#31 Biochemistry Lecture (Lipid/Fat Metabolism I) from Kevin Ahern's BB 350May 30, 2021
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1. Making ATP requires ADP. If there is no ADP, ATP Synthase CANNOT rotate and NO PROTONS CAN PASS THROUGH. In metabolic control, the inner mitochondrial membrane must remain impermeable to protons. When this occurs, the electron transport won’t run unless oxidative phosphorylation is occurring and oxidative phosphorylation won’t occur unless there is a proton gradient. When electron transport is not running, oxygen consumption decreases. When it is running, oxygen consumption increases.
2. At rest, your body’s stores of ATP are high and ADP are low. Under these conditions, oxidative phosphorylation is not occurring much, so the proton gradient remains high, thus stopping electron transport. When electron transport stops, NADH accumumlates, stopping the citric acid cycle.
3. When you exercise, your ATP levels fall and ADP levels rise. Thus, oxidative phosphorylation starts and the proton gradient falls. This starts electron transport, which causes NAD and FAD concentrations to rise, thus starting the citric acid cycle.
4. 2,4 dinitrophenol was used as a “miracle” diet drug about a century ago with disastrous consequences. It acted to poke a hole in the mitochondrial inner membrane, allowing protons to leak back into the matrix without passing through complex V. As a result, when 2,4 DNP is present, electrons move through the electron transport system, but NO ATP is made. Consequently, cells burn everything they can to try to make ATP, but they can’t. Oxygen consumption goes way up and the body temperature goes way up. Death was a frequent result of 2,4DNP use.
5. Uncoupling of mitochondria occurs when anything permeabilizes the inner wall of the mitochondrion to protons.
6. Shuttles are necessary to carry electrons from NADH into the mitochondrion. They include the glycerol phosphate shuttle of insect muscle (reduces DHAP to glycerol phosphate, which moves across inner mitochondrial membrane) and the malate/aspartate shuttle of our cells.
7. The glycerol phosphate shuttle takes electrons from NADH in the cytoplasm, but puts electrons onto FAD in the mitochondrion, resulting in fewer protons being pumped.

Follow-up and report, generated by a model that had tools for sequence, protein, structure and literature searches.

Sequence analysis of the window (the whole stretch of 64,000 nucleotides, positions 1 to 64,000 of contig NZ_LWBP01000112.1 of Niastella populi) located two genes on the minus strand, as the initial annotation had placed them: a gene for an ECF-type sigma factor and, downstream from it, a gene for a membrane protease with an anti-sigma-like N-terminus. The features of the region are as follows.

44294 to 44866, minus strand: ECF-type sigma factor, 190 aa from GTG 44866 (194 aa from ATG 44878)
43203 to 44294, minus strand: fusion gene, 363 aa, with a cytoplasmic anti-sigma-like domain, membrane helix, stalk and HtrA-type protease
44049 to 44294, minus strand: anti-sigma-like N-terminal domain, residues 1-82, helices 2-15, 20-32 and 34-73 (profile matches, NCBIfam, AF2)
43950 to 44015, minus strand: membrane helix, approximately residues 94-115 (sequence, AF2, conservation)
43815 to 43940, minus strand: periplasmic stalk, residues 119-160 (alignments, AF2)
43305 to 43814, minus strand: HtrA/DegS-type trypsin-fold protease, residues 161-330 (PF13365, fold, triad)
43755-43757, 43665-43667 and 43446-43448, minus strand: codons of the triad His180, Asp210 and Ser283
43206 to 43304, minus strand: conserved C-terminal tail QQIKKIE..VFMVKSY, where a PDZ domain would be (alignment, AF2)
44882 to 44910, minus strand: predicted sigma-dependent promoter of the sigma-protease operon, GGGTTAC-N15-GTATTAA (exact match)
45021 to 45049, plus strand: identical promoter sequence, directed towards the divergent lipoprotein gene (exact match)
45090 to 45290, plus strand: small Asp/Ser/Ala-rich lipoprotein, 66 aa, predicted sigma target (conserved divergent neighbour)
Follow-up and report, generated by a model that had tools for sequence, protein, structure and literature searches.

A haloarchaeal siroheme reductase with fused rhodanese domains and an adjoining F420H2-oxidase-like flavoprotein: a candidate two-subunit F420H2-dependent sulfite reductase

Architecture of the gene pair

8. The malate/aspartate shuttle takes electrons from NADH (onto oxaloacetate to make malate, which is transported) and then reverses the reaction in the mitochondrion, resulting in no reduction of protons pumped.
1. Fats store considerably more energy per gram than carbohydrates, due to the fact that fats are not water soluble and do not absorb water. They are also more “reduced” than carbohydrates and can be further oxidized.
2. Fatty acids are released from fats or glycerosophospholipids by lipases or phospholipases, respectively. Fats are broken down as a result of a cascade of reactions starting with binding of a hormone to a receptor on the surface of the adipocyte (fat cell). This starts a signaling process, which puts a phosphate onto triacylglycerol lipase, activating it, and causing the fat to be cleaved to fatty acids and glycerol.
3. Fatty acids are “activated” by being joined to Coenzyme A (CoA) in the cytoplasm. To transport fatty acids across the cell’s mitochondrial membrane, however, the CoA is replaced by carnitine. After the acyl-carnitine makes it across the mitochondrial membrane, the carnitine is quickly replaced by CoA inside the mitochondrial matrix.
4. Fatty acid oxidation occurs inside the mitochondrion. The process is referred to as beta oxidation. One cycle of beta oxidation cleaves one acetyl-CoA from the fatty acid and leaves the fatty acid shorter by two carbons. Thiolase is an enzyme that cleaves the acetyl group from the fatty acid chain in the last step of beta oxidation. The first enzyme of fatty acid oxidation, Acyl-CoA dehydrogenase, has been linked to sudden infant death syndrome.
5. In each cycle of beta oxidation, one NADH and one FADH2 is produced. The acetyl-CoA that is released can be oxidized further in the citric acid cycle.